I love true crime, which I understand is a weird thing to wrap your head around — kind of like the person, who is also me, that says they love horror movies — but one of the pitfalls of true crime being so popular with mass audiences via podcasts, documentaries, and of course, NBC’s Dateline, is misconceptions and stereotypes abound about the criminal justice system.
Off the top of my head, here are some of the pitfalls people ought to avoid falling into when consuming true crime content, and honestly, come to think of it, these apply to most fictional crime shows as well (in no particular order aside from the first one):
- Refraining from talking, whether it is to the police, prosecutors, or testifying at your own trial on your behalf, does not reflect a guilty conscious. This does not mean someone has “something to hide.” Because … GET. A. LAWYER! The innocent, unfortunately, think they did nothing wrong, so there is nothing wrong with talking to the police. However, that mentality is a sure way to end up in prison for a crime you didn’t commit. Do not talk to the police. Ask for a lawyer, and then shut up. You must protect yourself. The police are not your friends. You’re not being “helpful” to justice by talking to them; you’re being helpful to them by building a case against you. Often, I see Dateline viewers who think it is morally unethical for individuals to not be “helpful” in a police investigation by talking, and to me, the morally unethical thing would be to sacrifice the innocence on the altar of good intentions.
- I love you Dateline, but a persistent stereotype is how flabbergasted they are to report that a murder, even a [insert Keith Morrison’s voice] grisly murder, occurred in some small, sleepy town. Murder can happen anywhere to anyone at any time. I think creating this perception that such things don’t happen here implies that it just happens somewhere else, and so, it isn’t “our” problem. Disabuse yourself of such thinking. Heck, watching Dateline enough, you should know that such murders occur in so-called “small, sleepy towns” often enough to run counter to the cliché.
- Junk science still prevails in our criminal justice system, and it often is apparent even in true crime. Bite analysis, hair sample analysis, handwriting comparison analysis, blood splatter analysis, the use of a polygraph tests, etc. are all junk science. Even fingerprinting isn’t as reliable as people likely think. If one of those comes up, and is taken seriously by the person presenting the true crime content to you, put on your skeptical hat.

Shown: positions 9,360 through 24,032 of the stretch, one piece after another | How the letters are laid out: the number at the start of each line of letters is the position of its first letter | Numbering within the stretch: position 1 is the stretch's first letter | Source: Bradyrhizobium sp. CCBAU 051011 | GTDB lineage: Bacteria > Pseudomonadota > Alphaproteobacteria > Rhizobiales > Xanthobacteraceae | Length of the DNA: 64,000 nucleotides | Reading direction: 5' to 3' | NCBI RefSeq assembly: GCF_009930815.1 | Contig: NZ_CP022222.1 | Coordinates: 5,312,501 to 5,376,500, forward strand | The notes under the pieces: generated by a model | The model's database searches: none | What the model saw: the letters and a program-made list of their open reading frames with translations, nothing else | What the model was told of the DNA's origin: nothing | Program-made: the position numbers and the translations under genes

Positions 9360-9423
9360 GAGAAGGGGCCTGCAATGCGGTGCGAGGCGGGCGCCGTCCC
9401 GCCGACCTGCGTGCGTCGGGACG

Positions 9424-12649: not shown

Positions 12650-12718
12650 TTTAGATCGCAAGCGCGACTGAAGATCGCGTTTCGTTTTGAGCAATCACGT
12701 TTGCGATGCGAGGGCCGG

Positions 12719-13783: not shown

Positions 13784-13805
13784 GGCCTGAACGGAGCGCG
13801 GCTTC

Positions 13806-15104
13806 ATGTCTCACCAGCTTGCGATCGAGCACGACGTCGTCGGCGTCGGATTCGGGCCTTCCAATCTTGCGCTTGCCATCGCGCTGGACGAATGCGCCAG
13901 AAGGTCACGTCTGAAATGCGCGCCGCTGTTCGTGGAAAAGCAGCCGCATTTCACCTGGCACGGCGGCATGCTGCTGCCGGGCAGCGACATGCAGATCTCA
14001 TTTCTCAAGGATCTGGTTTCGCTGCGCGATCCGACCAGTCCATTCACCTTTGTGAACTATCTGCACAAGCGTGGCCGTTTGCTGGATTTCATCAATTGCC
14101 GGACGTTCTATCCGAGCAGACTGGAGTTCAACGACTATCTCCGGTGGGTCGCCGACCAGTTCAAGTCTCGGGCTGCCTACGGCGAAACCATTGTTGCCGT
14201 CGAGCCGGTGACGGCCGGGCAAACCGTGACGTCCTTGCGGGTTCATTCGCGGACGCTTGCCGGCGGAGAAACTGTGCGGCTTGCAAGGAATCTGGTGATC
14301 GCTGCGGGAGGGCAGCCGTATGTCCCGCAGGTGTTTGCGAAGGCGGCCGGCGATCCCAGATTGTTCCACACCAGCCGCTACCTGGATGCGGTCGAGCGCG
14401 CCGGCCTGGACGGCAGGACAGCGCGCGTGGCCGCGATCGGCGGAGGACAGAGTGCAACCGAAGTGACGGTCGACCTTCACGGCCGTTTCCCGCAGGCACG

- The 9-1-1 call should be dispensed with entirely as a focal point of elucidating whether someone is guilty or not. You cannot accurately ascertain guilt or innocent by how someone reacts to a tragic event, especially within seconds or minutes via the 9-1-1 call. Some will be inconsolable and hysterical, others will be seemingly stoic and calm (but maybe in shock), and still others, may be genuinely calm and in control of the situation. Too many times I see viewers of Dateline (I don’t mean to pick, but that is my main frame of reference!) use the 9-1-1 call to paint a nefarious picture of who they think is the “suspect.”
- Related to this is trying to read the face and mannerisms of a person on trial as they sit at the defense table in the courtroom. In that situation, the person on trial is in a particularly no-win situation: If they show anything, it will be interpreted negatively against them. Smiling? What a psycho. Stone-faced? Psycho. Not looking at the jury? Psycho. Looking at the jury? Psycho. Crying? Psycho using crocodile tears. On and on.
- Just as someone actually caught up, in one way or another, with a crime, ought to not talk to the police, podcasters, Dateline hosts, and so on, should also be skeptical of the police. They can talk to them, but they should do so with much skepticism. Because police have their own narrative of events, and we’ve seen far too many times how such narratives don’t align with the facts. I’m always turned off by a true crime podcaster, for example, who seems to show far too much undue deference to the police. But I also understand the difficulty: Often, especially in places without established journalists, police are the only primary sources of what happened!
- Sentencing. I could do an entirely separate post about this particular pitfall. When you watch a two-hour Dateline episode of a “grisly murder,” and they have the right person, and they are sentenced to something the audience thinks is less-than, they are indignant, agitating for more punitive measures. Or god forbid the person who seems guilty is acquitted due to a mistake on the police and/or prosecutor’s part. Far too many people, in my estimation, who consume true crime, are punitive in their desire for lengthy sentencing outcomes.
- Just because someone confesses to a murder (or some other crime) does not mean they actually did it. We know too much about coerced confessions at this point to continue holding on to this pitfall.
- Related is someone pleading guilty to a crime doesn’t necessarily mean they are guilty, either. That is because 94 percent of cases are pleaded out due to great pressure to do so for a variety of reasons (mainly, our criminal justice system would collapse on itself if more people evoked their right to trial, and had the financial means to do so).
- If the police mention a jailhouse snitch, and that is one of their biggest pieces of “evidence” against someone for murder, you can usually ignore it. The jailhouse snitch is garbage evidence.
That are all the ones I can think of offhand.
Do you have any others?